Today, Avery and CandleScience have an active partnership. Not only does CandleScience use Avery labels on the products, but they’re also recommended through the education and promotions CandleScience carries out. This win-win situation means CandleScience can meet customer needs, and Avery gains new customers regularly.

Coffee shops and retailers

Starbucks is one of the cultural mainstays in the United States, and part of its empire is built on strategic alliances. In particular, Starbucks often partners with large brick-and-mortar retail chains to host their stores.

Two big examples are Target and Barnes & Noble. These well-chosen chains have high foot traffic and complement the joy the brand aims to convey. For example, many book shoppers want a hot beverage to start exploring their new books, and having a café in-store benefits both companies.

In this strategic alliance, both companies benefit from each other’s brand efforts to increase visibility and foot traffic. However, both also benefit from the better experience of their customers as well, which is what makes this partnership so long-lasting.

Banks and grocery stores

Most people view both banks and grocery stores as necessities, not desirable activities. However, since both items are frequently on the same to-do list, this strategic alliance makes sense. By having bank branches in grocery stores, people can take advantage of the convenience.

Both strategic partners benefit from this focus on convenience. For banks, existing customers going to the grocer can simply pop in, or they can gather new customers from the high foot traffic. For the grocery store, more people entering the store also means more people who stop to pick up a few extra things because they’re there.

Through these strategic alliances, both parties access a broader customer base than they would generate independently. This arrangement is so popular that most of the large chains take advantage of it.

Car services and music providers

The strategic partnership between Uber and Spotify accomplishes two things. First, it delivers a unique experience. Second, it encourages members of both audiences to decide based on their existing membership.

The program means that Spotify Premium users can choose the music that plays during their Uber rides. Most customers appreciate being able to personalize their experience like this, and therefore will select both members of the partnership to get it.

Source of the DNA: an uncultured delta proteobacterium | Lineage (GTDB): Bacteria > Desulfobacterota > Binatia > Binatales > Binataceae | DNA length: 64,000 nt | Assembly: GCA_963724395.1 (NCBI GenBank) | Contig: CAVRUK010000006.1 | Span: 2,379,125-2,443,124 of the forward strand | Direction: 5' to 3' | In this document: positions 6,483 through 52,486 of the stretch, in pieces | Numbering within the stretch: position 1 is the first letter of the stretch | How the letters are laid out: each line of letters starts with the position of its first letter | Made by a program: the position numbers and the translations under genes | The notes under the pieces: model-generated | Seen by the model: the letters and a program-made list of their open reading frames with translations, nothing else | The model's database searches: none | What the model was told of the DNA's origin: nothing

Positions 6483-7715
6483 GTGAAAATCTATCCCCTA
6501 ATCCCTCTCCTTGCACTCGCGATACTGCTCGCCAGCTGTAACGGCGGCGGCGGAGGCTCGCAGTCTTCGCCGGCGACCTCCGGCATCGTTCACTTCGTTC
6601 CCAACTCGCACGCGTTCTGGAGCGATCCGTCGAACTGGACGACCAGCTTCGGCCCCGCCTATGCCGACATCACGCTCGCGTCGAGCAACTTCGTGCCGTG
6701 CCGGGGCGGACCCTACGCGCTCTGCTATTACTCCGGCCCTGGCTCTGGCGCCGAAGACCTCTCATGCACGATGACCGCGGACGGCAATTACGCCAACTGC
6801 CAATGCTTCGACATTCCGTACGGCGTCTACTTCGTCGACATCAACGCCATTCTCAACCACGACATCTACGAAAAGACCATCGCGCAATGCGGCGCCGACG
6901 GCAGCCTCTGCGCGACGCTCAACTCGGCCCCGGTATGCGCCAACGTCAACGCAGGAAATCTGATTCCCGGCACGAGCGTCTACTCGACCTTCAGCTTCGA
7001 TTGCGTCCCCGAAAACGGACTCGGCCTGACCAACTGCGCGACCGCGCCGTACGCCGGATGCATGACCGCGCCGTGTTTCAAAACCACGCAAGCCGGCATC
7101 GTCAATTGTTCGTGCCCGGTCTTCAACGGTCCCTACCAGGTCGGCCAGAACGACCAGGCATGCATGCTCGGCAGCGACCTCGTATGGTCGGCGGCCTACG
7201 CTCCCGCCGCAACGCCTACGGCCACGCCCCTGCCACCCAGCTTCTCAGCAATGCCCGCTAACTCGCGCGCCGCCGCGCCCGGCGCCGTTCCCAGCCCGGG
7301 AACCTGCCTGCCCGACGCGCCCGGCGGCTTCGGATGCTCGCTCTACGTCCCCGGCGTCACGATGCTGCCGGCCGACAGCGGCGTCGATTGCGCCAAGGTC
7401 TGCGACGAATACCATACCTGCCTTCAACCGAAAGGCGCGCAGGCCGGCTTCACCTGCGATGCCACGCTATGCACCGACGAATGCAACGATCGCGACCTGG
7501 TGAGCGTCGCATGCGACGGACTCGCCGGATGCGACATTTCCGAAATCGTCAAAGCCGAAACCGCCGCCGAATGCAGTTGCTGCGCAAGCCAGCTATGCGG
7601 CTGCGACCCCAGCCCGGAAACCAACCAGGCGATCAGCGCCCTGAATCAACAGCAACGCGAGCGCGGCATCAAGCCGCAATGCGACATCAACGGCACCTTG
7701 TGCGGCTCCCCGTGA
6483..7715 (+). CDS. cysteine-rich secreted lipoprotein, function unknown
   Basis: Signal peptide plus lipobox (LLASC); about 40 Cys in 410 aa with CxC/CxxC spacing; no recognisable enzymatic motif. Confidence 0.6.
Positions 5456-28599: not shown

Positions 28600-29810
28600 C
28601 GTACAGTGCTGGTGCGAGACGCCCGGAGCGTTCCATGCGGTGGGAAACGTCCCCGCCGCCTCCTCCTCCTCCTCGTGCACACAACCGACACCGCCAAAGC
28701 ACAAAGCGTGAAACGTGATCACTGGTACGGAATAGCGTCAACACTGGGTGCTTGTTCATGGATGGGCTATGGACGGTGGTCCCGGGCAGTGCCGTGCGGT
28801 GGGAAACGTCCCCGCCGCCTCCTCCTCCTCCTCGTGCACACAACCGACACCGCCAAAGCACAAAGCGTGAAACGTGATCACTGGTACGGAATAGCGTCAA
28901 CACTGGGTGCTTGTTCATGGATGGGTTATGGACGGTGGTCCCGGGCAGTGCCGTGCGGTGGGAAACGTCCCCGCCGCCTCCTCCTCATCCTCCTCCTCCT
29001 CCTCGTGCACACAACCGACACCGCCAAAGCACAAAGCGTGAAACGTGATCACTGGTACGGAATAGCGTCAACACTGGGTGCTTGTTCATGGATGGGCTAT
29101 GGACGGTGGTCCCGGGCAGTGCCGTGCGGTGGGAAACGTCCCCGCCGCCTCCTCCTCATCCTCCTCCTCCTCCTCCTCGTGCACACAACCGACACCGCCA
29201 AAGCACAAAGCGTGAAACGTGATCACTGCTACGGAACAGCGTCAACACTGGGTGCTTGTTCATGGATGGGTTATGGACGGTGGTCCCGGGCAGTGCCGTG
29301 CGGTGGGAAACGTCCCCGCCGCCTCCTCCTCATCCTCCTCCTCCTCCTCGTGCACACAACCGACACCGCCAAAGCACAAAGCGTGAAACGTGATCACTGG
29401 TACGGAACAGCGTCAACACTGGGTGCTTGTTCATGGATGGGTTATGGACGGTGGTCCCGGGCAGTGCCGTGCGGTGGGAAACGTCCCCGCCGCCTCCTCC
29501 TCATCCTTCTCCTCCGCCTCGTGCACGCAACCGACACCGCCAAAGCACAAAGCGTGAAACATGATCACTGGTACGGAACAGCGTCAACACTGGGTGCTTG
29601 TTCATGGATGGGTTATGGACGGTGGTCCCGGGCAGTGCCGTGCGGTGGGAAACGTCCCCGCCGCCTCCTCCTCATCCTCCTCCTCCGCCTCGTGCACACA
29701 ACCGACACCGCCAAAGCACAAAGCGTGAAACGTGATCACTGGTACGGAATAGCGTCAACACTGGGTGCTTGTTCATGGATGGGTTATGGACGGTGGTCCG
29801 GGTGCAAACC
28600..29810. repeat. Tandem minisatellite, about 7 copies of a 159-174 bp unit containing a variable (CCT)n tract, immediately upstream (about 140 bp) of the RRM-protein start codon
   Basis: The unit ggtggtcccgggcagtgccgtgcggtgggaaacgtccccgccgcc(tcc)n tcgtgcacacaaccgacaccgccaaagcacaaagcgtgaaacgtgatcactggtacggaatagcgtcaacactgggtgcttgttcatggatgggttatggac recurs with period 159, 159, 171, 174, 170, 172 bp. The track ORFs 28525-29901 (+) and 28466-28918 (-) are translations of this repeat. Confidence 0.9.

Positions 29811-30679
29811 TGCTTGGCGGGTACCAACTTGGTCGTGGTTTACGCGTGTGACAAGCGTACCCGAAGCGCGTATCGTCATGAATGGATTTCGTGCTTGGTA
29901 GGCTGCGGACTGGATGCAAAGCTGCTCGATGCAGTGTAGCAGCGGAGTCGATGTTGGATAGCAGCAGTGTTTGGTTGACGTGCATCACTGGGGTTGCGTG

The Uber-Spotify strategic alliance fits the current trends in attracting users you see. The more you can personalize and customize the experience with your small business; the more responsive customers will tend to be.

How to form a strategic alliance

As a small business, getting custom coding into Uber software or convincing a national chain to partner with you may seem unrealistic. However, with an appropriate strategy and planning, you can benefit from strategic partnerships no matter the scale.

Identify opportunities

The first step in forming a strategic alliance is identifying partners that could work with your company. You want to focus on stable businesses with a vested interest in the same values you hold and similar commitments to customer experiences.

While identifying partners, you should also consider your own capabilities. Understanding what you can reasonably deliver as a small business and your potential for expansion should it be required, are as key to a successful partnership as identifying the right companies to pitch.

During this step, you want to be as analytic as possible to compare opportunities rationally. Whether that’s making spreadsheets, researching heavily, or creating company profiles, you want to see what the options can do for your business.

Make a pitch

The next step is creating and giving the pitch for a strategic alliance. This is when you approach the company and wow them with the potential benefits of the win-win partnership. In order to do that, you don’t need all the details worked out, but you do need a potential plan.